An individual retirement account (IRA) is a tax-advantaged investment account that people can use to save for retirement. It comes with certain tax breaks, but it also comes with rules about how much you can contribute to the IRA and when you can start withdrawing from it.
There are a few different types of IRAs, one of them being a traditional IRA. Here's how much money you can contribute to a traditional IRA.
IRA Contribution Limits
You can contribute $6,000 to your IRAs in the 2021 tax year. If you're at least 50 years old, then you're allowed to make an additional "catch-up contribution" of $1,000 for an annual total of $7,000. Contributions to a traditional IRA are tax-deferred, so you won't pay income tax on the money you invest until you withdraw it and its earnings. You can begin withdrawing from retirement accounts without penalty once you reach age 59 1/2.
You must have earned income throughout the year in order to make IRA contributions. These sources of income include wages reported on a W-2, self-employment income from a business or farm, commissions, bonuses, alimony, and nontaxable combat pay. However, people with low levels of taxable income may not be able to contribute the full $6,000 (or $7,000). If your total taxable income falls below those limits, then your total taxable income becomes your IRA contribution limit.
If you have multiple IRAs, such as one traditional and one Roth, the contribution limit is an annual total across all your IRAs. You can contribute to a traditional IRA, a Roth IRA, or both, but the total annual contributions to all your traditional and Roth IRAs cannot be more than $6,000 ($7,000 if you’re age 50 or older).
Unlike traditional IRAs that are funded with pre-tax dollars, Roth IRA contributions are made with after-tax dollars. You won't have to pay income taxes on this money when you withdraw it (including capital gains), because it was already taxed before you made your contributions.
Deadlines for Making Contributions
You can contribute funds to your traditional IRA at any time from the start of the calendar year up until the first deadline for your tax return. (Any personal extensions you might take on your taxes don't affect your window for contributing to your IRA.) For example, someone could begin contributing to their IRA for the tax year 2021 on January 1, 2021, and they could continue contributing to it until April 15, 2022.
The IRS has extended deadlines for 2020 tax year contributions. You now have until May 17, 2021, to contribute to your IRAs for the 2020 tax year.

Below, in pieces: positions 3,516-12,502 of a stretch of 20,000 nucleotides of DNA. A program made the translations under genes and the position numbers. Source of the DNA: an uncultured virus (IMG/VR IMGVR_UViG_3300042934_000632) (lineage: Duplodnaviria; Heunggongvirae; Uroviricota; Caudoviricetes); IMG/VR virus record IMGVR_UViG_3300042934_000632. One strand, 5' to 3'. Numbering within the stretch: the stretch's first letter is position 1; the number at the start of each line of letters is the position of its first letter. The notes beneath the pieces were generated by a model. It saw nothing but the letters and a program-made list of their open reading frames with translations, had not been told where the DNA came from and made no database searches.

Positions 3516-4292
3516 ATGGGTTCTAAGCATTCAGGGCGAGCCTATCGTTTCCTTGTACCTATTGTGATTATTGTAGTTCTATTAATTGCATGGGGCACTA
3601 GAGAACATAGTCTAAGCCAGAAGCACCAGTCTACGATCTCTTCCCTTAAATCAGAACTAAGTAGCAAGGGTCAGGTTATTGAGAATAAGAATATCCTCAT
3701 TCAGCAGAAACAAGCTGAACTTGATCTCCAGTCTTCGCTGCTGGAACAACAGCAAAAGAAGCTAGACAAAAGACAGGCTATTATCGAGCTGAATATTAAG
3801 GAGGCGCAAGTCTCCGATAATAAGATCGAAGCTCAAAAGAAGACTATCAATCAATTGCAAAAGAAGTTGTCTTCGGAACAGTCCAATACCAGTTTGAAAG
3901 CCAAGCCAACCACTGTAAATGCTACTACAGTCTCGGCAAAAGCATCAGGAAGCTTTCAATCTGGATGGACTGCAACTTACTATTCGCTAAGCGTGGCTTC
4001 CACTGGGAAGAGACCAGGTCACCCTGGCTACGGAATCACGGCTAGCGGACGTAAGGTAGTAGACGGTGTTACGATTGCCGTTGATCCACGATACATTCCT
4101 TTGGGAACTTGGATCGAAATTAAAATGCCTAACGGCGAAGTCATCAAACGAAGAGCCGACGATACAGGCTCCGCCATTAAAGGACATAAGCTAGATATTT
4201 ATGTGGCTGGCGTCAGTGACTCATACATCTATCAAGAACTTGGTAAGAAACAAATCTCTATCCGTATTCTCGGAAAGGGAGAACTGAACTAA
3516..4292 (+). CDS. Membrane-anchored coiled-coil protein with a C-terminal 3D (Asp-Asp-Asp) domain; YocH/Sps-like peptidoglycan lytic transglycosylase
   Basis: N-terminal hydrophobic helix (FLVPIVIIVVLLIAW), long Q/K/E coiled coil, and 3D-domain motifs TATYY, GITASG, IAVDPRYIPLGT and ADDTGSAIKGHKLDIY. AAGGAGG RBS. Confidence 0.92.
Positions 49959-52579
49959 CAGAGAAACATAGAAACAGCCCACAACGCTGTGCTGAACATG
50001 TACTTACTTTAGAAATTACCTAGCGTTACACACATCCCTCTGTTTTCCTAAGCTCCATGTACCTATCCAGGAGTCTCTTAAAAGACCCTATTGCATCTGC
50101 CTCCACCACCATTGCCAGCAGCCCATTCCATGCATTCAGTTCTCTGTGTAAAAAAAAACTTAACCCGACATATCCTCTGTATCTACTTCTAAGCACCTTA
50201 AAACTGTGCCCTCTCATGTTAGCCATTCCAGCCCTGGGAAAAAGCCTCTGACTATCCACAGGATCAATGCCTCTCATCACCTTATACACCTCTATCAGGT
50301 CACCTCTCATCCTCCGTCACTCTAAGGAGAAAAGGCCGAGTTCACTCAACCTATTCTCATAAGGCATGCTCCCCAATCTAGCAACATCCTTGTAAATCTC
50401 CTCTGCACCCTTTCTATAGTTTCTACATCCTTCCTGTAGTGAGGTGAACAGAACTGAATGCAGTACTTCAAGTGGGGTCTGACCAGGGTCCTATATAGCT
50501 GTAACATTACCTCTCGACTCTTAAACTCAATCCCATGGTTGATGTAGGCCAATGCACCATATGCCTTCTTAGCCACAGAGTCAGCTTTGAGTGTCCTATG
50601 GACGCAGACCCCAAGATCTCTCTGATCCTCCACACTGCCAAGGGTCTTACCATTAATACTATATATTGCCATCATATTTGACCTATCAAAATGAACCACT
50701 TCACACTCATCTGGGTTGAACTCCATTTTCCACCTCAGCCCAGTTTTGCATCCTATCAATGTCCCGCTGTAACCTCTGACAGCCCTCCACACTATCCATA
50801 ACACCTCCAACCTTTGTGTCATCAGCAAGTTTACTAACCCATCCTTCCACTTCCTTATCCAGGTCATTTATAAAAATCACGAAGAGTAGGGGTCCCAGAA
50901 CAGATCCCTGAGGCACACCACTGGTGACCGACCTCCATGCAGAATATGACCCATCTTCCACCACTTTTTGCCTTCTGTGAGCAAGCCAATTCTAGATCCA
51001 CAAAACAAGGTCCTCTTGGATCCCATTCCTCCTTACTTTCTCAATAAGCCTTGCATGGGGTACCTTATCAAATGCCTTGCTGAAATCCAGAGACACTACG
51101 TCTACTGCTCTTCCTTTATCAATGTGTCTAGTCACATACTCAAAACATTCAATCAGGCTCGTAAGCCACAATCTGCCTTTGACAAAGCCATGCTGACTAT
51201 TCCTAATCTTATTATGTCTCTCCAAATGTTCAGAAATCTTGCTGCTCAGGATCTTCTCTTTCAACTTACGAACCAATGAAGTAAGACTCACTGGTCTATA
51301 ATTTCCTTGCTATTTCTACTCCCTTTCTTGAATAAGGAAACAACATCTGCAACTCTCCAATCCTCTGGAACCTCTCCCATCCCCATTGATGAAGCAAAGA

Where to Claim the Tax Deduction
Report your tax-deductible IRA contribution directly on Schedule 1 of Form 1040. You don't have to itemize to claim this IRA deduction. It's an adjustment to income, so you can take it in addition to itemizing or claiming the standard deduction for your filing status.
IRA Deduction Limits
Depending on your annual income and workplace retirement plan options (such as a 401(k) plan), your IRA deduction limits may be lower than your contribution limits. Contributions to a traditional IRA might be fully deductible, partially deductible, or entirely nondeductible.
Your ability to deduct contributions doesn't impact your ability to contribute to a traditional IRA. Even if you can't deduct anything, you can still contribute up to your annual limit. This is different from Roth IRAs, which have income limits to an individual's ability to contribute.
You won't be able to deduct all your contributions if you're covered by a retirement plan at work and have a certain modified adjusted gross income (MAGI) and filing status in 2021. For the tax year 2021, the MAGI ranges that allow you to deduct some—but not all—of your IRA contributions are:
- Single or head of household: More than $66,000 but less than $76,000
- Married filing jointly or qualifying widow(er): More than $105,000 but less than $125,000
- Married filing separately: Less than $10,000
You can determine your MAGI by adding your adjusted gross income (AGI) to any deductions you took for student loan interest, foreign earned income and housing exclusions, savings bond interest, and employer adoption benefits.
If you're married, and your spouse is covered by a retirement plan at work, but you're not, and you live together or file a joint return, then your deduction is phased out if your MAGI is more than $198,000 but less than $208,000 for the tax year 2021.